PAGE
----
La Zarzuela was keeping the former ruler out of the spotlight because of his “toxicity.” His once-soaring approval ratings had plummeted in the latter years of his reign following media coverage of hunting expeditions, sentimental relationships and the Nóos case, putting the very survival of the Spanish monarchy in doubt.
On February 28, 2014 he informed Prime Minister Mariano Rajoy of his decision to abdicate, three months before the news became official. The move helped significantly reduce the pressure on the institution at a time when Spain was still struggling with a prolonged economic crisis and the threat of a EU bailout loomed on the horizon.
Under the new king, the monarchy set a new course underscoring values of morality, austerity and transparency in a bid to restore credibility to the institution. Since then, Felipe VI has crafted his own image as the Spanish head of state and stability has returned to La Zarzuela: according to the latest opinion survey by the Center for Sociology Research CIS, only 0.1% of Spaniards view the monarchy as a problem.
But the improved attitude towards the royals has been soured by the rise of antiroyal secessionists in Catalonia, and by an unprecedented presence of republicans in the Spanish Congress.
The time has now come to restore Juan Carlos I’s public image. Although he has been out of the spotlight for some time, he never fully stopped carrying out official activities. Since 2014 he has participated in around 90 events, delivered 13 speeches and gone on eight official trips, most of them of a cultural nature. In more recent times, when Spain’s political life was at a standstill due to national elections that yielded a hung parliament, Juan Carlos adopted a higher political profile: he attended the signing of the peace accords in Colombia, the opening of the expanded Panama Canal, the funeral of Fidel Castro, and several Latin American presidential inaugurations.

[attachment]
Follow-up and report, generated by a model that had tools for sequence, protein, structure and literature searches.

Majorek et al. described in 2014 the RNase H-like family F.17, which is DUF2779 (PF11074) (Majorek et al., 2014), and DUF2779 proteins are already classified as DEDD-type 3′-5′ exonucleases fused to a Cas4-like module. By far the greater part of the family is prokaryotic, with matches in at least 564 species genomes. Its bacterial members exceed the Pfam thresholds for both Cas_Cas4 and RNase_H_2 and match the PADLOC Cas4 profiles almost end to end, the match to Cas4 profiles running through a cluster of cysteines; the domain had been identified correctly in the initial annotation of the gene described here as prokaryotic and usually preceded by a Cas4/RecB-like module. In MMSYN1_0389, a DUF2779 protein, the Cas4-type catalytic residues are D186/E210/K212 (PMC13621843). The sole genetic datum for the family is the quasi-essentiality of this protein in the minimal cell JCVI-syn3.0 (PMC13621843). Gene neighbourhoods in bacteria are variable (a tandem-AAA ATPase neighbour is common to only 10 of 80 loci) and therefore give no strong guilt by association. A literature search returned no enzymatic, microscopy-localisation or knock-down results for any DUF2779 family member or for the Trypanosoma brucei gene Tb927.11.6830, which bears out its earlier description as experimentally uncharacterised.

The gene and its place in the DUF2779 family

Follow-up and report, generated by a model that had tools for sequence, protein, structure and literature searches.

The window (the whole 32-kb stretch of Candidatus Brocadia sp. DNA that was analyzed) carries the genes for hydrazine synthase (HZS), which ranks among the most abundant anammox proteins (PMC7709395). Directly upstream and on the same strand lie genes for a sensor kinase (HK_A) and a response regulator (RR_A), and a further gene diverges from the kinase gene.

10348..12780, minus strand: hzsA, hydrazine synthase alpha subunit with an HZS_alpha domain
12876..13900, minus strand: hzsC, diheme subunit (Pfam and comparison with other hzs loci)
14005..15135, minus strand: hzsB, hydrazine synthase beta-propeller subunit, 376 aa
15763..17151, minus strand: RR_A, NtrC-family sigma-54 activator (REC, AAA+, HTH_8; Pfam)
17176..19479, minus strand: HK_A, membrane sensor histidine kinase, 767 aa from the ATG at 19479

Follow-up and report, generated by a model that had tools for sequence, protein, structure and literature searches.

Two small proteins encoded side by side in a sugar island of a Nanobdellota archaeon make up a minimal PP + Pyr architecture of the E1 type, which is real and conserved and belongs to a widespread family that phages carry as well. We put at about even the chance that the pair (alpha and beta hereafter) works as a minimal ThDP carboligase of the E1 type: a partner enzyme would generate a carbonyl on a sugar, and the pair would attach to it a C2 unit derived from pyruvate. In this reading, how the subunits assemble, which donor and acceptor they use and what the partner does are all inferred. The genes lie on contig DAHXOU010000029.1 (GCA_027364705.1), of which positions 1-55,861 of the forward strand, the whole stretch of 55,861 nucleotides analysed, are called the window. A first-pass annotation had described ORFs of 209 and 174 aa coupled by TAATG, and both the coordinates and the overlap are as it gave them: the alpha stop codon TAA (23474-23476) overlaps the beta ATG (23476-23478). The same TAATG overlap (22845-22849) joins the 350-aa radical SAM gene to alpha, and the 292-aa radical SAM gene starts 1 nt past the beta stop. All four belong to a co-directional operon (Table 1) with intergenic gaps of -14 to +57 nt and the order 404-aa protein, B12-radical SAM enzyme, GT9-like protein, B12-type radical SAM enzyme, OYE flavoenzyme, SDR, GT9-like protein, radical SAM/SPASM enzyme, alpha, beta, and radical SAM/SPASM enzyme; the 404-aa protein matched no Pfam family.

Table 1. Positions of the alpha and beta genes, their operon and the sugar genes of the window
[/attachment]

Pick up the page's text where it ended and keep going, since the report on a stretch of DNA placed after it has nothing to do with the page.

Still, La Zarzuela continued to worry about the monarch’s reputation, and felt the need to ensure that Juan Carlos I would be remembered much more for his achievements than for his mistakes.
Princess Cristina’s acquittal in the Nóos case on February 17, 2017 was a turning point in this endeavor, even though the royal family’s unity was deeply eroded by that stage. For Cristina, who had refused to give up her rights to the throne despite her family’s entreaties to do so, there was no possible rehabilitation.
But for Juan Carlos I, the time had come to give him greater visibility once again. He showed up at the 25th anniversary celebration of the Seville Expo, and at the 30th anniversary of the treaty by which Spain joined the European Community.
He was also seen at events with his son, Felipe VI, sending out a message of renewed unity and also of continuity – the idea that the Spanish monarchy can carry on with the kinds of achievements that it brought Spain in the 1980s.
English version by Susana Urra.